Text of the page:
Review: Hedd Tower Mains Professional Monitors
Before heading off to The Bristol Hi-Fi Show, I attended the UK launch of the new HEDD Tower Mains, the latest and most impressive addition to the HEDD line-up.
The setting for this show-and-tell was Rimshot Studios, a remarkably lovely, purpose-built boutique recording and mastering facility set amongst the North Kent Downs.
The main live room of the studio was host to the demonstration. The ample, high ceilinged space was perfect for these formidably-sized monitors.
The father and son presentation was as technical as it was entertaining. Frederick Knop, Mastering Engineer, Musicologist and son of Adam Audio founder, Klaus Heinz, work well together as a double act which no doubt is excellent news for the company they have formed together, HEDD (Heinz Electrodynamic Designs).
HEDD Tower Mains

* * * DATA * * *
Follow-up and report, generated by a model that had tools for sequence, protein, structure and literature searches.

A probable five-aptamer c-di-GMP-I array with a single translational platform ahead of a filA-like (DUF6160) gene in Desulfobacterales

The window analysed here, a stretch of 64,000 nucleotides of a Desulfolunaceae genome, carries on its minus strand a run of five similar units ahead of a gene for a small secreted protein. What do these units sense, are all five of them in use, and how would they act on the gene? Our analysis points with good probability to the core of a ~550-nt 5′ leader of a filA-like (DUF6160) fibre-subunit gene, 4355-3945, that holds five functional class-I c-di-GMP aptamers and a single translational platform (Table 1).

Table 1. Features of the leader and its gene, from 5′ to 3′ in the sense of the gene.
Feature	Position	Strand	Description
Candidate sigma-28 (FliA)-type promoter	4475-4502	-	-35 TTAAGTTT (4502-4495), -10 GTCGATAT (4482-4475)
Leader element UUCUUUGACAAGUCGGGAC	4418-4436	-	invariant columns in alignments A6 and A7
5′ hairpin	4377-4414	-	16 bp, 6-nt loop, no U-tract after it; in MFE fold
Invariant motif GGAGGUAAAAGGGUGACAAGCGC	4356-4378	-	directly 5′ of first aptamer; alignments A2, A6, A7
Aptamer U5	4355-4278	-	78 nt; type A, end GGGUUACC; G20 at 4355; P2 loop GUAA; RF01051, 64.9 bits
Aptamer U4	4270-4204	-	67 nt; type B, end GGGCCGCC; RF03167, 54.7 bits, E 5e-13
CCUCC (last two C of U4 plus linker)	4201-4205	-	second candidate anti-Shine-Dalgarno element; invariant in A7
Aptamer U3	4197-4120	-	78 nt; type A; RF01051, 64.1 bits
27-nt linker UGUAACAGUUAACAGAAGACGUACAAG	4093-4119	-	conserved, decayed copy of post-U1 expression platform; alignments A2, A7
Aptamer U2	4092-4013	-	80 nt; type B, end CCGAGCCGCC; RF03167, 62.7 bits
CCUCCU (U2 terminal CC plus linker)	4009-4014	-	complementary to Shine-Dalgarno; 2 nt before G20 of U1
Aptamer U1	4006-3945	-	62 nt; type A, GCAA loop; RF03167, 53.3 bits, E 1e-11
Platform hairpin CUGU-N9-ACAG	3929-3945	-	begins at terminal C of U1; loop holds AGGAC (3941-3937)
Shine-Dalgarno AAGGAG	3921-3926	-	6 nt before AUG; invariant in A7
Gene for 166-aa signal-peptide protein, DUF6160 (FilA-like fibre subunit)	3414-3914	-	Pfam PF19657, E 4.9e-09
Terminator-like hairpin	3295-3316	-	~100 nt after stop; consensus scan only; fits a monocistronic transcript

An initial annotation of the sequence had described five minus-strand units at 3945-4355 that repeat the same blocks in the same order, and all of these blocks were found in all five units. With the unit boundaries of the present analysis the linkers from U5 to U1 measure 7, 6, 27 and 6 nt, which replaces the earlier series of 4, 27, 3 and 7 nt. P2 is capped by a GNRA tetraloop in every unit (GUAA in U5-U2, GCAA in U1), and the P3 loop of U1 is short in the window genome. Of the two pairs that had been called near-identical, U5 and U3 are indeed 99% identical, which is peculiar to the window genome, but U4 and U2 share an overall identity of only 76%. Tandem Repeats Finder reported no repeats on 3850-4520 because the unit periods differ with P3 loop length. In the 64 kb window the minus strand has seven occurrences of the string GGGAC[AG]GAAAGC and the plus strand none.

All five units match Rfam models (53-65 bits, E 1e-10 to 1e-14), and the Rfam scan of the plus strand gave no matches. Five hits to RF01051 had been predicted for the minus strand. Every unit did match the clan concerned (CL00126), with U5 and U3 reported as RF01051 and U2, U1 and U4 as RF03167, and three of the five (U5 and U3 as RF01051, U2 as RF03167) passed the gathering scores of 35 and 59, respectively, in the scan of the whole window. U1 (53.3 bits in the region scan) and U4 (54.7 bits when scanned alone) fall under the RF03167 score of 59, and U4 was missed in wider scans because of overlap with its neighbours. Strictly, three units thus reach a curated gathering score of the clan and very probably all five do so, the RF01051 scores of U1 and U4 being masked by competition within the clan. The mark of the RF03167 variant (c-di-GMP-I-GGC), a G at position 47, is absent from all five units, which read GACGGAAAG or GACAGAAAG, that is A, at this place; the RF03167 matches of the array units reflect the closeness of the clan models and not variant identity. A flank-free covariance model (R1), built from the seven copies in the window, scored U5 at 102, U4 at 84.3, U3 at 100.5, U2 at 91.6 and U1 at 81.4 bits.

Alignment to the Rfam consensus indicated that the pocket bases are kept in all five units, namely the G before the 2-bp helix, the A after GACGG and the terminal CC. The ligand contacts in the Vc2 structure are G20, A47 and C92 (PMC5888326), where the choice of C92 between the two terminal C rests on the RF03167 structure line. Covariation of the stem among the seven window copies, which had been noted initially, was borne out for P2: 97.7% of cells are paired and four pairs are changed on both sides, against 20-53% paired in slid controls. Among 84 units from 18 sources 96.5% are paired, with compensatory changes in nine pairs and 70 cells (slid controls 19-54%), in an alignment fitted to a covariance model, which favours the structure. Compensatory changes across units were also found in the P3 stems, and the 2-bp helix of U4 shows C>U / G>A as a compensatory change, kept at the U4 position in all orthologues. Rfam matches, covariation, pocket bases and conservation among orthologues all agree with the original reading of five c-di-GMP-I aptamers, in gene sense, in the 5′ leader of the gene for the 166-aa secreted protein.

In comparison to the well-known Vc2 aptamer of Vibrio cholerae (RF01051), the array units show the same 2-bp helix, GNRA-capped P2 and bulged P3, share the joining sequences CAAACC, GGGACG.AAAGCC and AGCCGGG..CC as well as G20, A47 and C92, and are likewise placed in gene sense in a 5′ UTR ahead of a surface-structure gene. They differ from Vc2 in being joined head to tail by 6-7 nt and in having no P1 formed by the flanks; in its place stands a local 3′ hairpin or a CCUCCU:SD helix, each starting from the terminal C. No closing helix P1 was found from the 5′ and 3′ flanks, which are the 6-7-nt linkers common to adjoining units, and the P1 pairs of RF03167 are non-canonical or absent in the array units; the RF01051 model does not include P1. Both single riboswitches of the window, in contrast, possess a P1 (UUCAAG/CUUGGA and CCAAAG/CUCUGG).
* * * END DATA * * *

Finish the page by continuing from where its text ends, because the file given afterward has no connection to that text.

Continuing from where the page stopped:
Walking into the open space, the Tower Mains stood guard either side of a grand piano. A fitting situation for such stately proportioned speakers.
Would I class the speakers as attractive? Perhaps not as much as those domestic set-ups where aesthetics may have compromised pure engineering. However, it is because of their pure engineering that they possess a different cosmetic charm.
Every element of the HEDD Tower Mains modular design has been lead by the role dynamics play in audio reproduction. Additionally, they needed to achieve the highest degree of authenticity and realism.